EU to Block US Anti-Iran Sanctions Starting August 7 to Defend Business
Federica Mogherini and foreign ministers from the UK, France, and Germany said in a statement that their counties would keep "effective financial channels" open with Iran, adding that they "deeply regret" that Washington had withdrawn from the Iranian Nuclear Deal and re-imposed sanctions on Tehran.
"This is why the European Union's updated Blocking Statute will enter into force on 7 August to protect EU companies doing legitimate business with Iran from the impact of US extra-territorial sanctions," the statement reads.
The statute will forbid European businesses from complying with the US sanctions, nullifying any foreign court rulings against them and allowing them to recover damages from the penalties.
The European politicians also confirmed their commitment to the Joint Comprehensive Plan of Action (JCPOA), also known as Iranian Nuclear deal.
"The remaining parties to the JCPOA have committed to work on, inter alia, the preservation and maintenance of effective financial channels with Iran, and the continuation of Iran's export of oil and gas," the statement added.
According to the US Treasury, starting from August 6, the sanctions will be reinstated on the purchase of Iran's sovereign debt and Iranian rials. The punitive measures will also apply to Iran's trade in gold and precious metals, sale to and from Iran of aluminum, steel, coal and certain types of software. The restrictions will also extend to Iran's automotive industry as well as on the purchase of US dollars by the Iranian government.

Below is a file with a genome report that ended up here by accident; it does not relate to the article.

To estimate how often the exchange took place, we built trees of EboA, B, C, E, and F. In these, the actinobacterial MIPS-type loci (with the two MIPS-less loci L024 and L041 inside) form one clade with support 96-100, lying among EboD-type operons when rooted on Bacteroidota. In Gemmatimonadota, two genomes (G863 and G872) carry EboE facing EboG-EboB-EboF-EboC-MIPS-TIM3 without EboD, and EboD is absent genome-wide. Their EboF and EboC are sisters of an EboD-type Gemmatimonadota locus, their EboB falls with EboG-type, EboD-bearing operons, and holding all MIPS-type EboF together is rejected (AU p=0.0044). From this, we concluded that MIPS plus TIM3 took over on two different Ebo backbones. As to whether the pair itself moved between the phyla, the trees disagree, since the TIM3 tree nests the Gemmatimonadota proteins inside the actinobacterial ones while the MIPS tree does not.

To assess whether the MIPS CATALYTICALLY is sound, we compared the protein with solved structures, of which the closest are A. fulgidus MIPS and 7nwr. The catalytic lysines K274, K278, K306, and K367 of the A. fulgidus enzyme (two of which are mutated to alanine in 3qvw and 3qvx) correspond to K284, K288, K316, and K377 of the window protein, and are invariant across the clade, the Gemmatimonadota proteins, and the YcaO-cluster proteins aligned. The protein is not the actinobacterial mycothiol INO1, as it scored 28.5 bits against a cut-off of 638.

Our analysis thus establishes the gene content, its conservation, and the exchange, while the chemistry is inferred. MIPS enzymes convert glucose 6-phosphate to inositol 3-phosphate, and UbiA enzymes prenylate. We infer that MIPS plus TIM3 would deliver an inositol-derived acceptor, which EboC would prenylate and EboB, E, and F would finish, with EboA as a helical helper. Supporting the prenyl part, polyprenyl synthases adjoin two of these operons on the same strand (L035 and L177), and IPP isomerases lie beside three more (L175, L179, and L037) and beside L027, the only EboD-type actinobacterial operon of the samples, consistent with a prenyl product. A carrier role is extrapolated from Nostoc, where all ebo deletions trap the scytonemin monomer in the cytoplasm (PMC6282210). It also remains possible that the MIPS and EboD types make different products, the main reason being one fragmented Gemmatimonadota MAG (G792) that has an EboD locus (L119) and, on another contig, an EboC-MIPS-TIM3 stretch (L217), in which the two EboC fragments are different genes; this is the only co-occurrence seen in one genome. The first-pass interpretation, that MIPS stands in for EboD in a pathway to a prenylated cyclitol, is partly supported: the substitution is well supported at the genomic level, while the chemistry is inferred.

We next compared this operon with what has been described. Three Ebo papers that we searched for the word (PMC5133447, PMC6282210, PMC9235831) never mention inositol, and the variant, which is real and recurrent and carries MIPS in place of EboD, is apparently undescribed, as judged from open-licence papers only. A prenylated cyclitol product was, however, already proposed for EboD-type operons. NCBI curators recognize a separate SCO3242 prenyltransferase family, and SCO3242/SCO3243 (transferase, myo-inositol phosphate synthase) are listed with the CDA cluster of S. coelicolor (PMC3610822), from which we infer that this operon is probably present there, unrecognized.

Furthermore, the United States is revoking licenses issued for sales of passenger aircraft, despite flagship carrier IranAir having outstanding contracts with French-Italian ATR, American Boeing and Europe's Airbus. IranAir's collective order of 200 aircraft, of which only a few have been delivered, is now in jeopardy.
On May 8, US President Donald Trump announced that Washington was withdrawing from the 2015 Iran nuclear deal and would be reinstating sanctions on Tehran. The decision gave foreign companies grace periods of 90 to 180 days to stop trading with Iran.